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Saving for Retirement as a WAHM: 4 Questions to Get Started


Being a self-employed mom doesn't mean you can't save for retirement--and make that dream of leisurely wearing bunny slippers a reality. Here's what you need to ask in order to get started.
A retired couple sits on a beach together watching the sunset.

Whether working from home was always in the plan or it came as a surprise, retirement doesn't just happen, especially when you are self-employed. While saving for retirement may sound absolutely daunting as a work-at-home-mom, it can be done and it's not as tricky as it sounds. Here are 4 questions you need to ask yourself to start saving for retirement as a work-at-home mom.

When Do I Want to Retire?

For some, working without interruptions for diaper changes and ballet practice sounds almost like retirement in itself, while others may prefer to find their freedom all at once. Would you like to retire when the last little one is all grown up, or would you like to battle the empty nest feeling by staying busy with work? If you are married, would you like to retire at the same time as your husband, or work longer to save more? Since you are self-employed, your retirement age depends entirely on you--how much you can save ahead of time and when you are ready to live off that savings.

How Much Money Do I Need to Retire?

How much to set aside for retirement is a tricky question and depends on what kind of lifestyle you want when you are retired. Sure, you won't need to pay for any more little league equipment or new school clothes, but you might want to travel more often, go out to eat more often or enjoy hobbies like golfing or quilting. Consider elements like big bills that will be payed off by then, like the mortgage or student loans. Consider your living situation; will you be renting a retirement condo with less upkeep, but more monthly expense? Many financial representatives recommend saving 10-15 percent of your income. If you are self-employed, saving a percentage is usually easier than a set amount every year. Your good and bad years should even out and you won't have to worry about not meeting a specific dollar amount each year.

What Plan Works Best for Me?

There are a variety of plans when it comes to saving for retirement. The one that works best for you depends entirely on your situation and preferences.

If you don't have the time to manage one more thing, look into a SEP IRA. This is something you set up one time, and you can even set up automatic payments so once you get it going, you won't have to worry about it again. Within a SEP, you can choose between the a traditional IRA or a Roth IRA.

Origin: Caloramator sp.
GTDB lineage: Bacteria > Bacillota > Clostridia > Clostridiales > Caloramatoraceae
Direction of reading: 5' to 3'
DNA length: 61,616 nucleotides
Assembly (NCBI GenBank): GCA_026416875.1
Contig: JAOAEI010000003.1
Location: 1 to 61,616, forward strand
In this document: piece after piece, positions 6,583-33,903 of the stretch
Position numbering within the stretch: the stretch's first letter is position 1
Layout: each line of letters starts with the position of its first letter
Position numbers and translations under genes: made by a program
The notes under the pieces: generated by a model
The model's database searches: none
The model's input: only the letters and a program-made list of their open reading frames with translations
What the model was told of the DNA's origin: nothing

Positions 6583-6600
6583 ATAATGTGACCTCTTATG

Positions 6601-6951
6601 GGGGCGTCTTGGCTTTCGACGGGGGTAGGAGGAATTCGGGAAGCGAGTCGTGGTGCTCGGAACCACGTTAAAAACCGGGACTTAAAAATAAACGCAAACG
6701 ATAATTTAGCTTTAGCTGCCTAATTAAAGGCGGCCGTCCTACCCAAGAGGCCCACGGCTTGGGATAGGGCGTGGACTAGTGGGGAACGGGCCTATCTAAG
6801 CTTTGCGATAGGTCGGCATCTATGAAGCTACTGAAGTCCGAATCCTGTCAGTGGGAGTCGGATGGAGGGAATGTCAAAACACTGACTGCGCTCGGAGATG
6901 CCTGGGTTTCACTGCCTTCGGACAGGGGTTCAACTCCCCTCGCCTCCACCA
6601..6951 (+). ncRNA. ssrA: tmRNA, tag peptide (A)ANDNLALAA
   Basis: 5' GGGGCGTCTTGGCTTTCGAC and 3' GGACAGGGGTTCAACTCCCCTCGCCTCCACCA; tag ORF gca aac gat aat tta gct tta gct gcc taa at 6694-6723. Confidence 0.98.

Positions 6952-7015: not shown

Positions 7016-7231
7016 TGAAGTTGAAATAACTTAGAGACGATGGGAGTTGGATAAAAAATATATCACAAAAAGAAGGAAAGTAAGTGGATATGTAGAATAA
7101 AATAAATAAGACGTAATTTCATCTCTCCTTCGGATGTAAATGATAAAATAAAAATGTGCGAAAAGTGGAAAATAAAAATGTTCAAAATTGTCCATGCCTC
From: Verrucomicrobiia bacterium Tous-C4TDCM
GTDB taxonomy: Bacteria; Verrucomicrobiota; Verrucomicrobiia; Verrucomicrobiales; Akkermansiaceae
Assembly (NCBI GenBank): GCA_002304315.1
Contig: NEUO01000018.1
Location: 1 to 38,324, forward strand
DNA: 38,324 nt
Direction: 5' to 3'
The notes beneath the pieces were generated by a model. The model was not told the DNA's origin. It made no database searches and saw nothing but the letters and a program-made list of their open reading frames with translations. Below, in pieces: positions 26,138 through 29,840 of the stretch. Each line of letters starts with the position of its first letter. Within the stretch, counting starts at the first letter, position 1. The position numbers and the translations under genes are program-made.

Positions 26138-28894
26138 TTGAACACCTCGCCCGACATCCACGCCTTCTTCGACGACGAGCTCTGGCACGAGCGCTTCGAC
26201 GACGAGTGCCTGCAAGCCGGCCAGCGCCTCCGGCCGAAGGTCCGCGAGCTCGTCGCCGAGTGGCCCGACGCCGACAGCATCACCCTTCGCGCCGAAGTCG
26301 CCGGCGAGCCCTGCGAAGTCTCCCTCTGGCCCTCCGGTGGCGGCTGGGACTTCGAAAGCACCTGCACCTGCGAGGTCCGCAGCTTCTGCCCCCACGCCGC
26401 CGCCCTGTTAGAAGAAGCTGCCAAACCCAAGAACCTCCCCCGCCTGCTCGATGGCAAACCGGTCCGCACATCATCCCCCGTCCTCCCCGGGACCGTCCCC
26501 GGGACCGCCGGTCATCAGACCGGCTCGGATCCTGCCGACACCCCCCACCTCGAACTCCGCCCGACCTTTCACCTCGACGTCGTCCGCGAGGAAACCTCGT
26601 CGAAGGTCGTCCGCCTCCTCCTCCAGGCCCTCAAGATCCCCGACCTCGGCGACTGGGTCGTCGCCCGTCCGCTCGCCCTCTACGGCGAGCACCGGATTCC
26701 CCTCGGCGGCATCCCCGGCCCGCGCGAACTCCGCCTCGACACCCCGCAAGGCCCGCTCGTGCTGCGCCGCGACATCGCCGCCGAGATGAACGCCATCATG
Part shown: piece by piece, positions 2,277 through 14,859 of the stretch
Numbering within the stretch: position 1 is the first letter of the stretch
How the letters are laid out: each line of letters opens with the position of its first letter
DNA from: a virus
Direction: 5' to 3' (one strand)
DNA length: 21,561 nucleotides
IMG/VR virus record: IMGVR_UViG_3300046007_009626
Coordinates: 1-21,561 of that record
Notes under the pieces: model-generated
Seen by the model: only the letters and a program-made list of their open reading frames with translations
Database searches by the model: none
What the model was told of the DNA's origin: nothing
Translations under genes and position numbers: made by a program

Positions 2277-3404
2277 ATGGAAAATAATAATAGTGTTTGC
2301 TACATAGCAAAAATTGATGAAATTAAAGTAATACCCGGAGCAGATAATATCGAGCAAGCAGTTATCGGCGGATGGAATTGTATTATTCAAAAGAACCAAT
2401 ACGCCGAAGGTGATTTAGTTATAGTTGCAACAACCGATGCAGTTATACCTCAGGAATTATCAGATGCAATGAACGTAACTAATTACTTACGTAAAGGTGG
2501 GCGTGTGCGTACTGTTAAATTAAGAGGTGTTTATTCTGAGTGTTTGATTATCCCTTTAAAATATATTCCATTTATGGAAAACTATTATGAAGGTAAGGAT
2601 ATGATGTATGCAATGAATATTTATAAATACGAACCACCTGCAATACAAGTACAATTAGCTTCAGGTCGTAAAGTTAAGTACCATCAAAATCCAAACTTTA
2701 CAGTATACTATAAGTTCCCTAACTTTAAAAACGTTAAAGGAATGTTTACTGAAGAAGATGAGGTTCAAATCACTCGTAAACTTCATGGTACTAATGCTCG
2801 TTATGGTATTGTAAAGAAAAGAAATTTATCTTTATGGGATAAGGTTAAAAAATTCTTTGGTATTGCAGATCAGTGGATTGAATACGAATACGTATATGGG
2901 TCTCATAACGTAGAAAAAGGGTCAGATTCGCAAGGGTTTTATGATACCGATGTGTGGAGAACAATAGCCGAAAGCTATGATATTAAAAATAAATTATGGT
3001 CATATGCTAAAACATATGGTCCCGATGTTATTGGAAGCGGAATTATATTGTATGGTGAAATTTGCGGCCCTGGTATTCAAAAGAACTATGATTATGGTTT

If your income is unpredictable use a plan to which you contribute one large amount at the end of the year, like a Keough plan. It requires more maintenance than a SEP IRA, but allows you to save up to 25 percent of your income up to $49,000 and is tax-deferred. You can start withdrawing once you are 59.5 years old without penalty.

If you don't earn very much, look into getting a Roth IRA, which is your best bet if you don't earn enough to benefit from the tax breaks of a larger contribution plan. You won't deduct the contributions every year on your taxes, but the fund is tax-free both as it grows and when you withdraw.

If you're still unsure what plan works best for you, consult a financial adviser, such as the person who prepares your taxes every year, an experienced financial adviser or even a representative at your local bank or credit union. Every situation is different, so it is always a good idea to chat first about options with someone familiar with the financial field.

What Else Can I Do to Save for Retirement?

Depending on your unique situation, you may want to do more than just set up one account. Here's some tips for planning for retirement as a work-from-home mom.

  • Work to pay off your mortgage or other large debts early so you are able to contribute a larger sum of money to your retirement fund in the future.
  • Make sure you and your spouse are on the same page. If you're married, you'll need to know what plans your spouse has in place for retirement. Talk about what age you'd like to retire at, what kind of lifestyle you would like and how you'll reach those goals.
  • Contribute what you can. Maybe you're just starting out and only take in a small income right now. That's okay--just save as much as you can. Set aside 10 percent even if it is only $10--as your business grows, you will be able to save more for retirement.

While your friends may think you lounge around all day, working from home while still handling the responsibilities of a mother is tough work--and a job that deserves a rewarding retirement. Consider when you want to retire, how much you'll need to retire, what plan you should use and any other little steps that can help you reach that big goal. Saving for retirement can be tough, but the sooner you start, the easier it becomes.

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